At step 1430, a resized version of image 411 is created at the size determined in step 1420 and, at step 1440, template 200 is updated to position the resized image at the position dictated by the selected image area anchor point. In this example, as depicted in FIG. 5, image 411 has been sized at its original aspect ratio to fit within image area 201. The designer of template 200 identified point 217 as being the anchor point for image area 201, therefore image 411 is centered on this point within image area 201. Unless the content image coincidentally happens to have exactly the same aspect ratio as acceptable image area 201, the image will not entirely fill acceptable image area 201.

While the user is not obligated to incorporate more than one content image into image area 201, many users will wish to do so. As discussed below, to facilitate the user's process of quickly and easily creating an attractive design with multiple images, all user-incorporated images are resized such that all of the images will be simultaneously visible to the user in the acceptable image area. In other words, the user-selected content images are sized such that they all fit in the acceptable image area without any user-selected content image obscuring or overlapping any other content image. Further, because it could be visually unattractive or undesirable if the incorporated content images are positioned so as to be touching, the content images are sized to allow for a separation space both horizontally and vertically between all content images.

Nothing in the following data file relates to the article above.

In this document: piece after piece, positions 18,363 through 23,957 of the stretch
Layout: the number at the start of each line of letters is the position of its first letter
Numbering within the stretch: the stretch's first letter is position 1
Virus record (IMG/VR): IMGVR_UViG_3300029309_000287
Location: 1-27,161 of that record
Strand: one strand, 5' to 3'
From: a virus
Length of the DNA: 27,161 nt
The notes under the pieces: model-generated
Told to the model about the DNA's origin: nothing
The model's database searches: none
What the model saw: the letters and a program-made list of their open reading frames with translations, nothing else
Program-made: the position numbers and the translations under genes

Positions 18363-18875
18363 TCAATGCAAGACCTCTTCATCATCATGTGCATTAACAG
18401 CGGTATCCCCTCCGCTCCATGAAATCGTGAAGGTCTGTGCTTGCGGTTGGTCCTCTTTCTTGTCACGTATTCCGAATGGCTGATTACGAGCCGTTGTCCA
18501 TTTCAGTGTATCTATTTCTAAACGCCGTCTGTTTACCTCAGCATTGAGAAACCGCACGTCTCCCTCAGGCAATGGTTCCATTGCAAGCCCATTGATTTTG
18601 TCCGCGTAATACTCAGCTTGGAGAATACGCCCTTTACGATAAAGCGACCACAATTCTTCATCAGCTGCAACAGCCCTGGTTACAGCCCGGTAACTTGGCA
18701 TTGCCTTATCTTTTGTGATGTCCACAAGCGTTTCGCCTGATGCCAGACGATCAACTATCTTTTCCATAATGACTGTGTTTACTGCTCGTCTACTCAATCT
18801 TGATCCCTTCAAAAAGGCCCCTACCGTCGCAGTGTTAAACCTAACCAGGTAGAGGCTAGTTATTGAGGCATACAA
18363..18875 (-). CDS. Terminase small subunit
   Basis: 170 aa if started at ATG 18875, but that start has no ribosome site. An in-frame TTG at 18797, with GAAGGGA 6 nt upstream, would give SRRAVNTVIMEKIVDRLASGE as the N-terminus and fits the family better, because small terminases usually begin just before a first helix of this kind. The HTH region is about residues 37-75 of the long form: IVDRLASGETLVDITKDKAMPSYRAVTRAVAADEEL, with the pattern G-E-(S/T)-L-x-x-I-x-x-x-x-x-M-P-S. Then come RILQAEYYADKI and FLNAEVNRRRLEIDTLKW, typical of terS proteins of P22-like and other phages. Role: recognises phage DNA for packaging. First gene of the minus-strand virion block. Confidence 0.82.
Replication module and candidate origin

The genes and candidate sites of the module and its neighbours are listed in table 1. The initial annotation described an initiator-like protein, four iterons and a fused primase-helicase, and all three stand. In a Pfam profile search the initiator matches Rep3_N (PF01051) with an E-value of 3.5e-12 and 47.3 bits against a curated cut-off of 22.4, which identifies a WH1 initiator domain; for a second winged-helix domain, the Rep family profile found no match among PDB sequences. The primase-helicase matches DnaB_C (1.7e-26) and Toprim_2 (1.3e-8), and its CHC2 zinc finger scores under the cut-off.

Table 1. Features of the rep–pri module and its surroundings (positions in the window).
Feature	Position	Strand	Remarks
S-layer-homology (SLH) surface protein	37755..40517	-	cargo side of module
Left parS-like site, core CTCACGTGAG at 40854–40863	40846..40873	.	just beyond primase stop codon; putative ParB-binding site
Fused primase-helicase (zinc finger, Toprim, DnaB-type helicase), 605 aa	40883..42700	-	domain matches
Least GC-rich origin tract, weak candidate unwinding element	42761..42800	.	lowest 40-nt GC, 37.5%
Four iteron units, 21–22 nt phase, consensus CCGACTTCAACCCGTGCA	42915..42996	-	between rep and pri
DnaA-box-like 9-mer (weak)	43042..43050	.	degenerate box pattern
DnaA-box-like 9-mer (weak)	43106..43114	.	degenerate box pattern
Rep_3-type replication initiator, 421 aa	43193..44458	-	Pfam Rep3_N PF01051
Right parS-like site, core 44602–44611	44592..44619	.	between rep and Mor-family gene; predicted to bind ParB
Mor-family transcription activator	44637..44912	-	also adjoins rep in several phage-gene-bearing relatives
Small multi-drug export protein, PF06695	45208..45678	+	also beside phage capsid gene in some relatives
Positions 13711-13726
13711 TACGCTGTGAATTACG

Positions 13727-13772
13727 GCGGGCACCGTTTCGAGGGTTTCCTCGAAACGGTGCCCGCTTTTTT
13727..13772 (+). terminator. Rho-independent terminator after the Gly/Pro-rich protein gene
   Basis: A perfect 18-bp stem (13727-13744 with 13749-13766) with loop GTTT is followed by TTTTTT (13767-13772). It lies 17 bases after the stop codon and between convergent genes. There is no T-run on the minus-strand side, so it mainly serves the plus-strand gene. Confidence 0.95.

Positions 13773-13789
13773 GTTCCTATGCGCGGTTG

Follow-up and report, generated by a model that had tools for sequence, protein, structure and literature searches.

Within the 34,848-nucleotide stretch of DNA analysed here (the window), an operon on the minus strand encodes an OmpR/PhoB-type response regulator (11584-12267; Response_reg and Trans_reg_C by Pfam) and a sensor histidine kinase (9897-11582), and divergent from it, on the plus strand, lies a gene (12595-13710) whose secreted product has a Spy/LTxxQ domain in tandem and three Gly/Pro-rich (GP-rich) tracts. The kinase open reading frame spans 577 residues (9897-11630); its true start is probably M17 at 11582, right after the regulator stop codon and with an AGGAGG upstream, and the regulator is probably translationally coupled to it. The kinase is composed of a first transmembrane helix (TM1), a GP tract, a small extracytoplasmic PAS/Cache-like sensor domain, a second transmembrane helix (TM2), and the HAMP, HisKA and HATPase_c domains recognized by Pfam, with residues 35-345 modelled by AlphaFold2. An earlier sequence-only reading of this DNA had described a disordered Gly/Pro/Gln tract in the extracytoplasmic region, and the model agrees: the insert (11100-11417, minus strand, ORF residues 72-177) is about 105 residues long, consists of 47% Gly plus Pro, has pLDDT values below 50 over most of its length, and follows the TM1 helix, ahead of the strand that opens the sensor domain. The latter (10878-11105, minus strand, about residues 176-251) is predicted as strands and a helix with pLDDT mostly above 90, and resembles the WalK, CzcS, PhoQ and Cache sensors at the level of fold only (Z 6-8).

Referring to FIG. 6, shaded areas 601 and 602, having widths x and y respectively, represent the horizontal and vertical spacing that will be maintained between all content images in image area 201 when multiple images are present. The shaded areas are shown in the figures herein for the purposes of explanation and illustration only. No visible spacing elements are displayed to the user while the user is creating the user's custom design. All templates could use the same default horizontal and vertical spacing values or the template designer could be allowed to vary the spacing values in some or all templates.